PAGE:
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Robert Abrams
Performance Reviews
The Duke Theatre
United States
New York City
New York
New York, NY

Notario Dance Company

by Robert Abrams
July 26, 2003
The Duke Theatre
229 West 42nd Street
New York, NY 10036

Notario Dance Company


Robert Abrams
July 26, 2003

The Notario Dance Company presented eight short works plus an opening sequence at the Duke on 42nd Street. Brook Notary, the choreographer (See the interview with Brook), has drawn on her experience with circus arts, modern dance, rhythmic gymnastics and martial arts to create innovative and entertaining dances. While many of the dances rely on a gimmick, she doesn't let the gimmicks overwhelm the dances. Her dances often have a family resemblance to Momix, but writ small. She consistently choreographed, and her dancers consistently presented, the fantastic on a human scale.

Here are a few highlights. The dances presented included walking floor lamps with working switches, hooped stretch material, live singers, Commedia del Arte-esque masks, poles that extended the dancers arms, malleable fabric disks, dancers suspended from the rafters on aerial lines, and the artistic use of a large amount of flour.

Here are a few aspects of the choreography I particularly liked. There was very effective stretch and compression of lines of dancers across the space. The use of the poles strapped to the dancers' hands simultaneously created an elongated line paired with shuffling movement. The dancers used the poles to move through the air in ways that would not have been possible otherwise. Essentially, the use of the poles traded flight for awkward movement on the ground. One of these works used only dancers with poles, while the other combined pole dancers and poleless dancers. Clearly, Ms. Notary is making good and continuing use of her fundamental choreographic concepts. I especially liked the use of the white fabric disk, which started out as a pod, became a cape, sometimes wings, and at several points suggested nothing less than a giant pizza dough being twirled over the dancer's head. This dance, especially, made Ms. Notary's experience with rhythmic gymnastics clear. One work, Talking, incorporated drumming into the dance with some stylistic elements similar to Taiko. Their passion both for and coming from the drum was clear.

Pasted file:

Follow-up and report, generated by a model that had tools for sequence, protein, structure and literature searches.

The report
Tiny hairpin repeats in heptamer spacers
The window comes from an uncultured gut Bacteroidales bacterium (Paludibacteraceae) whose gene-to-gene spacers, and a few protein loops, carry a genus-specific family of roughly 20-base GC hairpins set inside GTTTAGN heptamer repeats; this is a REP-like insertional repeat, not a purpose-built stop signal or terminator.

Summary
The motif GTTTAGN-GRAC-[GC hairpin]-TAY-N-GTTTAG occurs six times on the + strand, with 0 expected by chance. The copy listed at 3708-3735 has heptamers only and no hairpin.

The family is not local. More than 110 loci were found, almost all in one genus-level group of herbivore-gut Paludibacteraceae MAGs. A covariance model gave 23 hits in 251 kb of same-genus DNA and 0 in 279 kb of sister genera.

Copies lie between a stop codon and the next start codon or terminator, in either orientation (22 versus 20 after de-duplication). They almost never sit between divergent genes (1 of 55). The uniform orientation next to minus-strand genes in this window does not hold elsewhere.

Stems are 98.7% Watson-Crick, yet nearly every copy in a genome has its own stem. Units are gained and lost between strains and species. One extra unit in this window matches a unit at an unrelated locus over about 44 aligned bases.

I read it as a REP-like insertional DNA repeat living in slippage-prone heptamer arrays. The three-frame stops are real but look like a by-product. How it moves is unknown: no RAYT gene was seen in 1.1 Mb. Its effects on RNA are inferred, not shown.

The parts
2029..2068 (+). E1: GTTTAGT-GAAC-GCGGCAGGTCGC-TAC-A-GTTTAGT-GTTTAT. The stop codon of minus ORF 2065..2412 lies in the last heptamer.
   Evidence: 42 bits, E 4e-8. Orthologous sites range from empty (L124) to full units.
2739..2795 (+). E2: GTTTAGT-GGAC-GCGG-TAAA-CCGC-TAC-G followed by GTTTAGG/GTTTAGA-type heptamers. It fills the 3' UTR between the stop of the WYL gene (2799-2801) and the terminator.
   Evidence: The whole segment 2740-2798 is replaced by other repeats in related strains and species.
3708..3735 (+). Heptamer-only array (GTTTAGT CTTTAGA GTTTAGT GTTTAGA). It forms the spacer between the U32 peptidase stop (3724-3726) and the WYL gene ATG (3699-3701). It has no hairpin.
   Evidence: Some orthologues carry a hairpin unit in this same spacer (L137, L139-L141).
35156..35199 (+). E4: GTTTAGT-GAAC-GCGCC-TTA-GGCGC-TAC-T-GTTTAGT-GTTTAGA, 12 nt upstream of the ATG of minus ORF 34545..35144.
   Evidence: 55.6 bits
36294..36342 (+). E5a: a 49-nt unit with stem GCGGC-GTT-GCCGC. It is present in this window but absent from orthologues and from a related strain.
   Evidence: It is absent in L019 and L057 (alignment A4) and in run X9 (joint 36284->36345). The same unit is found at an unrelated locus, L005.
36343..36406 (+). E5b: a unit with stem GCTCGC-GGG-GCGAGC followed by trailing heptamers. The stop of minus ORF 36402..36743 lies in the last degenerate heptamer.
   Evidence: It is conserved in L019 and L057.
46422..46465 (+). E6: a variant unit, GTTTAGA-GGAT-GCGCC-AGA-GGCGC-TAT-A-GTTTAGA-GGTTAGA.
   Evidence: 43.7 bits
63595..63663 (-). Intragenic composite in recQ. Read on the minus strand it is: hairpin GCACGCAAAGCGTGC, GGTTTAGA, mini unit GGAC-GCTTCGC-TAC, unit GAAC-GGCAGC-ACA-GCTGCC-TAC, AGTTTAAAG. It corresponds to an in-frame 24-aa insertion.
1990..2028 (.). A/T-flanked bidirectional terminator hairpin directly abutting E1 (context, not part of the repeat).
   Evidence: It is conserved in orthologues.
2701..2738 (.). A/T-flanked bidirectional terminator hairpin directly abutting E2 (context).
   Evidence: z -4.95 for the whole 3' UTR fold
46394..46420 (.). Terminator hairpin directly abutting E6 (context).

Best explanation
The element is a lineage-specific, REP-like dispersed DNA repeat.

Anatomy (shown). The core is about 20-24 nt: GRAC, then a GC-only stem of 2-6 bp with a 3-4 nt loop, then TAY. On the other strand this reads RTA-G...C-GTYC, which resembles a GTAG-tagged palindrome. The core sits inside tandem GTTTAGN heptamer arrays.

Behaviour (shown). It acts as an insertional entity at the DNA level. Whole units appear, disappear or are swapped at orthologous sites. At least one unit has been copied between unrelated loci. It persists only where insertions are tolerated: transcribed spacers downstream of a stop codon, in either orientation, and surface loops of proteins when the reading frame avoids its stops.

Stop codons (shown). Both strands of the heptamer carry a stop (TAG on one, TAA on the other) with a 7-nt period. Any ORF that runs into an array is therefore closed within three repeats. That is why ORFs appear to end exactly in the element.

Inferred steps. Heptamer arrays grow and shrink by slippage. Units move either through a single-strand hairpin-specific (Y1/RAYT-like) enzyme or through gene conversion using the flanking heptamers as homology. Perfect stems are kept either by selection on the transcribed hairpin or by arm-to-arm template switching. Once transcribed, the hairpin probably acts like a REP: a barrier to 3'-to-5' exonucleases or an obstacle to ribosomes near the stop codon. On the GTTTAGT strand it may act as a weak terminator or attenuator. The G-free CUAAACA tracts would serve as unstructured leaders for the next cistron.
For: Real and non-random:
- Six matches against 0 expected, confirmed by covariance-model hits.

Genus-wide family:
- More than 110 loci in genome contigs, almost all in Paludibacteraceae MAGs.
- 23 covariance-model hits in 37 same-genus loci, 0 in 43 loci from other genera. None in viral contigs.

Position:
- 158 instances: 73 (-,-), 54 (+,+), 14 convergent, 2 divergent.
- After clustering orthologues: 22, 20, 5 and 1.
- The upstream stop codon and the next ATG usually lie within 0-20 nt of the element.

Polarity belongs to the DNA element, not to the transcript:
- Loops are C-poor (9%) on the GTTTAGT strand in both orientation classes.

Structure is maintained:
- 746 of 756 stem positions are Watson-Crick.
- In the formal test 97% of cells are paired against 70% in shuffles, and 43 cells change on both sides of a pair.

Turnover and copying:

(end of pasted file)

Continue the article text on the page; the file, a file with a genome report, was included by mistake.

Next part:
The final work, Traces, combined sound and movement in compelling ways. The floor was covered with what at the time I thought was sand (it later turned out to be flour), so as the dancers moved across the floor, they made scraping sounds. The sound of their feet was complemented by heavy exhaling. Their movements kicked the flour up into the air. If you imagined that the flour was ashes, it looked a little like a funeral. There was a flour sifter device suspended in the middle of the stage. Periodically, a dancer would stand under it and pull a cord, releasing a shower of flour into her hair and body, which would then be cast this way and that as she danced. I got the distinct impression that this is what bread feels like as it is being made.

The dancers were all talented, including but not limited to some nice isolations. The program was well curated with a mix of styles. Ms. Notary and the Notario Dance Company are a refreshing wellspring of creativity that audiences should watch out for in the future.

Notario Dance Company - Manta Ray
Photo courtesy of Brook Notary

Notario Dance Company - Traces
Photo courtesy of Brook Notary

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